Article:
Here’s the hairy part of rappelling Monkey Face with only one rope: you have to somehow get back into the Monkey’s mouth. Dan had to lower himself level with the mouth, then push off the rock and gain enough swinging momentum that he could swing back into the cave. The floor is sloping and there’s nothing much to grab on to, so it’s quite a feat. I couldn’t see him down below, but judging from his Tarzan yells and the horrified looks on the spectators’ faces, I gathered he was putting on quite the show. After a few minutes, Dan called up that he had made it.
I lowered myself over the edge, placing all my trust in the rope, a bit of metal and my harness, and let my feet dangle over the void. I did not look down. I slowly let the rope run through my rappel device until I was level with the Monkey’s mouth and then Dan pulled me in by the ends of the rope – a move called a fireman’s rappel. Even with his help, getting back into the cave was terrifying. At no point was I in danger of falling, but the idea of sliding across the floor and swinging out over the abyss by the rope horrified me. By the time I got myself securely clipped into a bolt my hands were shaking.
As Dan set up the next rappel, the sun slipped below the horizon. Now we were racing daylight. While I waited, I allowed myself a few moments to freak out. I didn’t yell or cry or do anything that anybody might have recognized as freaking out. I simply sat quietly and allowed all the nervous energy to quiver its way through my body to my fingertips. Then I placed my hands on the rock, took a few deep breaths and let it all go.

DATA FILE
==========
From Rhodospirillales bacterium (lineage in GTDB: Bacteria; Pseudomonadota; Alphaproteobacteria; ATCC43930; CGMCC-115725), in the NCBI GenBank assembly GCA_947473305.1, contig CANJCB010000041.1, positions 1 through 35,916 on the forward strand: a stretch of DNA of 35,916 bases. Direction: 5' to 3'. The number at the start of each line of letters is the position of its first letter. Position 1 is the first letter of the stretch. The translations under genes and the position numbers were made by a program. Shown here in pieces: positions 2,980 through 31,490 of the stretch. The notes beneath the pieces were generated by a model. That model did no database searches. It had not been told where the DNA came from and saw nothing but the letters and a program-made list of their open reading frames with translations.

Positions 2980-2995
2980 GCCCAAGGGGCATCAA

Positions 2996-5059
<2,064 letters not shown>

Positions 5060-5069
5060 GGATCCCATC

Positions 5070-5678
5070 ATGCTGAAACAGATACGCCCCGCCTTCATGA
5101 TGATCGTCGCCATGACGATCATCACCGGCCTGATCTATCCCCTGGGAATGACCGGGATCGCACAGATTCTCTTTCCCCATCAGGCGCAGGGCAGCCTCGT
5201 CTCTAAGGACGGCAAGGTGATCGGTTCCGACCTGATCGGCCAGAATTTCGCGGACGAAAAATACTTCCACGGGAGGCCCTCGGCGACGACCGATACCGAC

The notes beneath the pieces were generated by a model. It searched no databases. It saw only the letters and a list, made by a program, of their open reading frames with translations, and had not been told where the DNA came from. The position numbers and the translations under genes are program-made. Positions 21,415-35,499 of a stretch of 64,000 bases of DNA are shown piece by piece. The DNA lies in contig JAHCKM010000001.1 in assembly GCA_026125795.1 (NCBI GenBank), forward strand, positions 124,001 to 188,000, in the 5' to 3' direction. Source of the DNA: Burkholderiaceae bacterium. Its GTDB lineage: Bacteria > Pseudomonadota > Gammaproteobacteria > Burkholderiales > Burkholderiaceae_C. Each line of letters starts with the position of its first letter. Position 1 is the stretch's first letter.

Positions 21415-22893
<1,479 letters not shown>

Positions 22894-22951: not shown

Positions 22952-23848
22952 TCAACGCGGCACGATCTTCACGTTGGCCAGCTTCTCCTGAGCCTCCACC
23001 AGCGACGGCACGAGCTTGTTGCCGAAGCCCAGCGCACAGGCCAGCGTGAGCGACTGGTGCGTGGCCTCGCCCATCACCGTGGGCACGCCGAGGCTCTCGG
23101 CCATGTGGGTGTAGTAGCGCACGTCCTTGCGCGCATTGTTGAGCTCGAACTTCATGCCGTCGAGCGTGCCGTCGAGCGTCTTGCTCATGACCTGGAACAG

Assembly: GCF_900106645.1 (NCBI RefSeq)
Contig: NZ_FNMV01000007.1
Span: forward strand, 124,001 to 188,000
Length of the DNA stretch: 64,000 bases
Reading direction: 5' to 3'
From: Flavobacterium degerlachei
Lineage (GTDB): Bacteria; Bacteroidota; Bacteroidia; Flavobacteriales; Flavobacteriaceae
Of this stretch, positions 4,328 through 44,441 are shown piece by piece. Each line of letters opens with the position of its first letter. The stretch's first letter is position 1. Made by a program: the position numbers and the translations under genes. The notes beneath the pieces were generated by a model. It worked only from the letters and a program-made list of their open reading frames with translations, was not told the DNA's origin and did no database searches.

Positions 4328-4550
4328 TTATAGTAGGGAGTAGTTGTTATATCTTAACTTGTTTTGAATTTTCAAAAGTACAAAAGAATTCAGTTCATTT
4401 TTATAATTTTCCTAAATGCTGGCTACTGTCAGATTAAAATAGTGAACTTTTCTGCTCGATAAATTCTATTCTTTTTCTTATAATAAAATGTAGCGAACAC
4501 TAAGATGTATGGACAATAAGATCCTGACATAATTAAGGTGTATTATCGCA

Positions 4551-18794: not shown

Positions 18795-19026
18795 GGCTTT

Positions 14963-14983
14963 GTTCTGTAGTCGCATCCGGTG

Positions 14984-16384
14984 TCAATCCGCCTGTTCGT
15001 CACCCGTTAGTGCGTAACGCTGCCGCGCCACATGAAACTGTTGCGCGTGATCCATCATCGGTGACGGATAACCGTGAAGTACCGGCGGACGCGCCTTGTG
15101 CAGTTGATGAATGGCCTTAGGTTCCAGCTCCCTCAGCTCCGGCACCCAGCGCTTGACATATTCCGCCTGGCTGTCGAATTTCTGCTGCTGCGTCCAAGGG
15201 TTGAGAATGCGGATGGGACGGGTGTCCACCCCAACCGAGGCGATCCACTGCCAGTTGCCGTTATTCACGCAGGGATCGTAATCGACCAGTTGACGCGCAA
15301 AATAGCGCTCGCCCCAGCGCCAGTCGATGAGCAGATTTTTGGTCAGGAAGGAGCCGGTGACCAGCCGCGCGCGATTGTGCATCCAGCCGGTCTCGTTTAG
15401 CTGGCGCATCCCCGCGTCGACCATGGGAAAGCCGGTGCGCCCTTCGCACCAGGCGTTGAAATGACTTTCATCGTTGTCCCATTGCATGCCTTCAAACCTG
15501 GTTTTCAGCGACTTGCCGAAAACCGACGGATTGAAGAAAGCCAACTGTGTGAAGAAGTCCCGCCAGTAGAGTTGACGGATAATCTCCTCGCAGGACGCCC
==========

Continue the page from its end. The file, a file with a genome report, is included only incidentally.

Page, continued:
By the time Dan called up for me to begin my second rappel, I was rock steady. Thank goodness. Because the next rappel was even worse. As I lowered myself below the cave, I started slowly spinning on the rope. With hundreds of feet of air under me, I kept my eyes on the horizon, aware that a part of me – the spectator girl – was petrified, completely paralyzed. And yet, the climber in me kept it together and rappelled like a pro.
As I lowered myself down to Dan’s perch, I saw my next problem: I was dangling in mid-air between two rock faces. In order to get down to the anchor, I would have to stretch myself out horizontally, push off the one rock face with my feet and grab for a hold on the opposite face with one hand, while controlling the rappel device with the other. The scared spectator girl said, “I don’t want to!” The climber girl, said “well you have to”. So I took a deep breath, leaned back into my harness, stretched farther from toe to fingertip than I thought possible, and found purchase on the rock. I hauled myself over to Dan along a crack, aware that a slip would send me Tarzaning out into space. But by the time I got over to him, he was grinning at me like a monkey, and I found myself grinning back.
The last rappel was much smoother and we touched down on Terra firma right at dark. We hiked around the Monkey Face, retrieved our packs that we had stashed 7 hours earlier and started the three mile hike back to camp by the light of a bright half moon. We had headlamps, but we didn’t use them. After the Monkey Face, everything was illuminated.
Two days later, I went back to the Monkey Face to watch Dan and Thomas climb it. As I hiked over the summit and the spire came into view, I nearly burst into tears. Even after sitting next to it for several hours, photographing the guys as they did headstands on the summit, I was total awe. Not just of the rock and the route, but also of myself. Where on Earth will I go in the next eight years? Onward and upward!
My first post on Smith Rock is here. Also check out Thomas’ blog about traveling in his van: Travelin in Bertha. Thanks to Danimal and T-Dawg for an awesome week at Smith Rock! Our climb up Monkey Face will always be one of the highlights of my life. :)